The Mongrel Mage

Modesitt fans are getting spoiled in 2017 with two different Recluce books! I wasn't even aware that the 19th installment in the saga was on its way. So with Recluce Tales published earlier this year and The Mongrel Mage being released this fall, this is an unexpected surprise.

Even better, this is the beginning of a brand new story arc. If the past is any indication, this one will likely be another two-volume sequence. Time will tell, but I have a feeling that fans of the author will be happy no matter how many novels comprise Beltur's tale.

Here's the blurb:

The Saga of Recluce chronicles the history of this world with world-building detail and an ingenious and disciplined magic system. L. E. Modesitt, Jr. returns to his longest and bestselling fantasy series with volume nineteen, The Mongrel Mage, which marks the beginning of a new story arc.

In the world of Recluce, powerful mages can wield two kinds of magic—the white of Chaos or the black of Order. Beltur, however, has talents no one dreamed of, talents not seen in hundreds of years that blend both magics.

On the run from a power hungry white mage, Beltur is taken in by Order mages who set him on the path to discover and hone his own unique gifts and in the process find a home.

However, when the white mage he fled attempts to invade his new home, Beltur must hope his new found power will be enough to save them all.

Personally, I feel that the worldbuilding is always one of the most fascinating facets of these new Recluce books. Indeed, it allows readers to discover how people and events shaped history during their lifetime. In the last few novels, Modesitt first showed how Saryn's involvement in protecting the regency culminated in drastic changes throughout Lornth, shaping that country into what it would become in later years. Saryn's coming down from Tower Black and the Roof of the World echoed down the centuries the same way the deeds of an inexperienced Lerial, a young man forced to grow up before his time, would change Hamor forever with his attempts to save Cigoerne from its many enemies. It's too early to tell how Beltur's story will fit in the greater scheme of things, yet I'm looking forward to discovering how he'll leave his own indelible mark upon the Recluce timeline.

As is usually his wont, Modesitt continues to explore the relationship between Order and Chaos, one of the trademarks of this series. In Cyador's Heirs and Heritage of Cyador, being able to manipulate both Order and Chaos forced Lerial to test the limits of what he could do, often with unanticipated results. The same goes for Beltur. Although trained as a White Mage, he soon finds out that he's more Black than he ever thought possible. This strange dichotomy doesn't sit well with some of his newfound allies, who sometimes refer to him as a mongrel mage.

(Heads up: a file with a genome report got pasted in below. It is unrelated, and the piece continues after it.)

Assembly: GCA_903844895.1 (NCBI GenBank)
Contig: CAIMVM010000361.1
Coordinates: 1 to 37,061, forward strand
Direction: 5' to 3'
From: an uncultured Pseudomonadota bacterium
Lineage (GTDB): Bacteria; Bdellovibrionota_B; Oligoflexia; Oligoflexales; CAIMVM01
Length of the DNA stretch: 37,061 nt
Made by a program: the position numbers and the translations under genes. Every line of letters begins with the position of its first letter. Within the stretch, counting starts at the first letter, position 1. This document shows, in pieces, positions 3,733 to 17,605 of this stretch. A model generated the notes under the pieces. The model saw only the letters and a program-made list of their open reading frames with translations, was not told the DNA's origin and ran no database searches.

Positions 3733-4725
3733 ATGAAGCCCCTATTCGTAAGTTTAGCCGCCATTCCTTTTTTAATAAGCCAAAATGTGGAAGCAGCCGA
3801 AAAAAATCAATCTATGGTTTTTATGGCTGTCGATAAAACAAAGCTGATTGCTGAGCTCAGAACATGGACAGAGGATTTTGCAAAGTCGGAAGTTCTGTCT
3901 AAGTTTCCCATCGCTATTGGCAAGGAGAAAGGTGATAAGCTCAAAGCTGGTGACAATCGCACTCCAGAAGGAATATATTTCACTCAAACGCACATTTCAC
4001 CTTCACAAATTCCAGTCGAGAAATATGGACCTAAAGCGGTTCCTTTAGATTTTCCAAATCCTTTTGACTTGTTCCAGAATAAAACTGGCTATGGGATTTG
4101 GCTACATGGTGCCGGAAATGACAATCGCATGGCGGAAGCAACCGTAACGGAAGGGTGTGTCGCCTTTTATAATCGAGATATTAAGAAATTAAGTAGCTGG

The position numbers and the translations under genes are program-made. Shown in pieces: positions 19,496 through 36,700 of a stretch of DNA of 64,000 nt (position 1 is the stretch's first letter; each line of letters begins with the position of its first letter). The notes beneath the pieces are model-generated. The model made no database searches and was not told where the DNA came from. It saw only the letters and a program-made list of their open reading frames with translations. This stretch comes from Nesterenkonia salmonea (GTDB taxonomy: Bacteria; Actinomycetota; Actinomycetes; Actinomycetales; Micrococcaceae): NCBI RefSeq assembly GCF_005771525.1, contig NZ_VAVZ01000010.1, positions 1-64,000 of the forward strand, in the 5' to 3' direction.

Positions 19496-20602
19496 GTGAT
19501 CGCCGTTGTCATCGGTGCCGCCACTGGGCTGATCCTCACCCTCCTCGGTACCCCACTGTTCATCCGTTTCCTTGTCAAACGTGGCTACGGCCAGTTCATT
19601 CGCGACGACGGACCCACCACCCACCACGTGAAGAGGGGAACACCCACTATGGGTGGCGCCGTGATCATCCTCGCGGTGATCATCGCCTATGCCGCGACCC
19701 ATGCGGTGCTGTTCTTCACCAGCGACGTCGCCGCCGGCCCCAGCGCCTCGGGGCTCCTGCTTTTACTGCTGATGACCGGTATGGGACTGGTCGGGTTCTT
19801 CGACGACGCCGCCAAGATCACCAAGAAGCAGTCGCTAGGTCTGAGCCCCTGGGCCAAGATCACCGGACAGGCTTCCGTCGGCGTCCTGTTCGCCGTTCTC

The characterization would probably have benefited from more POV characters. In the last Recluce story arc, Lerial, a teenager with an inquisitive mind, was a sympathetic protagonist which was easy to root for. Although his heart is always in the right place, Beltur can be dense at times and he's not as endearing as Lerial turned out to be. Still, rediscovering how to forge cupridium and his experiments to use Order to help defeat the Gallosian forces bent on conquering his new home make Beltur an interesting young man to follow. The supporting cast is particularly engaging, chief among them the gay couple comprised of the Black Mages Athaal and Meldryn, the Healers Margrena and her daughter Jessyla, as well as Captain Laugreth and Squad Leader Gaermyn.

Not surprisingly, the pace was an issue at times. Modesitt's novels are never fast-paced affairs and The Mongrel Mage is no exception to that rule. As was the case in every Recluce installment, the author needs time to establish the various plotlines. Once done, you then follow the main character as he or she must learn, experiment, and puzzle out ways to escape a number of predicaments before the endgame can take place. In that respect, The Mongrel Mage follows the classic Recluce recipe and long-time fans end up with another compelling read. And yet, even though it's the first chapter in a much bigger tale, it felt as though this novel was not as self-contained at other similar Recluce offerings. There is a lot more to Beltur's story, that goes without saying. But I feel that this one didn't stand as well on its own and wasn't as satisfying as other first installments in previous Recluce story arcs.

When all is said and done, The Mongrel Mage turned out to be another solid effort by L. E. Modesitt, jr. Smart, thoughtful, and entertaining without any of the bells and whistles so prevalent in epic fantasy these days, this is adult fantasy by an author who remains in perfect control of his craft and his universe. Looking forward to what comes next!

The final verdict: 7.5/10

For more info about this title: Canada, USA, Europe

3 commentaires:

Cliff Samuels said...

The second half of this book is titled, Outcasts of Order. It is slated to come out next June.

machinery said...

this is again set in the far past before the end of the 5th book of the series ?
or has the time barrier been blown finally into the future ?

Patrick said...

It's set in the past.